¯ 1/2 teaspoon kosher salt, more to taste

¯ 1/2 teaspoon ground black pepper, more to taste

Heat the oil in a large pot over medium heat. Add the chopped onions and cook for 2 minutes. Stir in the garlic and cook for an additional 1 minute. Next stir in the ground beef and cook until browned. Drain any remaining fat.

Stir in potatoes, celery and carrots, rotel, tomato sauce and water. Bring to a light simmer and then stir in the balsamic vinegar, chili powder, salt and pepper.

Reduce the heat to low and let simmer for about 30-45 minutes (or until the potatoes and carrots are fork tender), stirring occasionally.

Simple Tomato Soup

(Taste of Home)

¯ 2 cans (14.5 ounces each) diced tomatoes with basil, oregano and garlic, undrained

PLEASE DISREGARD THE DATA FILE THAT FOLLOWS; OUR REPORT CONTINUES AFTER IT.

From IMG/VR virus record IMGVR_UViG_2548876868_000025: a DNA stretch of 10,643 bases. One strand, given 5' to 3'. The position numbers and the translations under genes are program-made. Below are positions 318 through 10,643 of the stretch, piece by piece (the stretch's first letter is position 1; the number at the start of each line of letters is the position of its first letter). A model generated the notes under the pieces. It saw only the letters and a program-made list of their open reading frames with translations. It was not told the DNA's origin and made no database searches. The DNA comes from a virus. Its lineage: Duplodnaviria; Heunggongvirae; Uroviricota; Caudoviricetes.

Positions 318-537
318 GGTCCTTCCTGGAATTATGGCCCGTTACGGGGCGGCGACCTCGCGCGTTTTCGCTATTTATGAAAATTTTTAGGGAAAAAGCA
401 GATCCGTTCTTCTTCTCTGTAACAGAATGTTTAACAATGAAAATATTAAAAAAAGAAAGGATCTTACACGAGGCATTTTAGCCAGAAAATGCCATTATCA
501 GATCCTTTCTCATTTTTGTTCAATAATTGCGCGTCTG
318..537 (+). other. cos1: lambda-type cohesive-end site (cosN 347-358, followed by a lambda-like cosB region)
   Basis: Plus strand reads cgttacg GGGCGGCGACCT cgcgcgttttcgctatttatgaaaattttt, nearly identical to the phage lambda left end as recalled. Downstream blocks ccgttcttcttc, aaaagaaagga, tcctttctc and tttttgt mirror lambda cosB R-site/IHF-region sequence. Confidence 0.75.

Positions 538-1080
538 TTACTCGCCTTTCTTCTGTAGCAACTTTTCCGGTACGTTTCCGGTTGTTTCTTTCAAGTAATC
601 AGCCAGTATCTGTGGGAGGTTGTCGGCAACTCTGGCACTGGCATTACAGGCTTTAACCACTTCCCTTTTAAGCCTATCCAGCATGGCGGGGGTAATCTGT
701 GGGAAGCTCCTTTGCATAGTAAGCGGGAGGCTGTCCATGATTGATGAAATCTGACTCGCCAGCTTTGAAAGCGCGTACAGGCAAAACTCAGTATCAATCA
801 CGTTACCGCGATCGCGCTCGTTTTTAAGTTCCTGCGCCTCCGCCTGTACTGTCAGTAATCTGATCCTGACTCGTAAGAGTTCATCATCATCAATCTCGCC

¯ 1/4 cup butter

¯ 1/2 cup finely chopped red onion

¯ 2 garlic cloves, minced

¯ 6 tablespoons all-purpose flour

¯ 1 carton (48 ounces) chicken broth

¯ Grated Parmesan cheese, optional

Place tomatoes with juices in a blender; cover and process until pureed. In a large saucepan, heat butter over medium-high heat. Add onion; cook and stir until tender. Add garlic; cook 1 minute longer. Remove from the heat; stir in flour until smooth. Cook for 1 minute. Gradually whisk in broth. Add pureed tomatoes; bring to a boil over medium heat, stirring occasionally. Reduce heat and simmer for 20-25 minutes to allow flavors to blend. If desired, sprinkle with cheese.

Easy Homemade Chili


¯ 1 pound ground beef

¯ 1 onion, chopped

¯ 1 (14.5 ounce) can stewed tomatoes

¯ 1 (15 ounce) can tomato sauce

¯ 1 (15 ounce) can kidney beans

¯ 1 1/2 cups water

¯ 1 pinch chili powder

¯ 1 pinch garlic powder

¯ Salt and pepper to taste

In a large saucepan over medium heat, combine the beef and onion and saute until meat is browned and onion is tender. Add the stewed tomatoes with juice, tomato sauce, beans and water.

Season with the chili powder, garlic powder, salt and ground black pepper to taste. Bring to a boil, reduce heat to low, cover and let simmer for 15 minutes.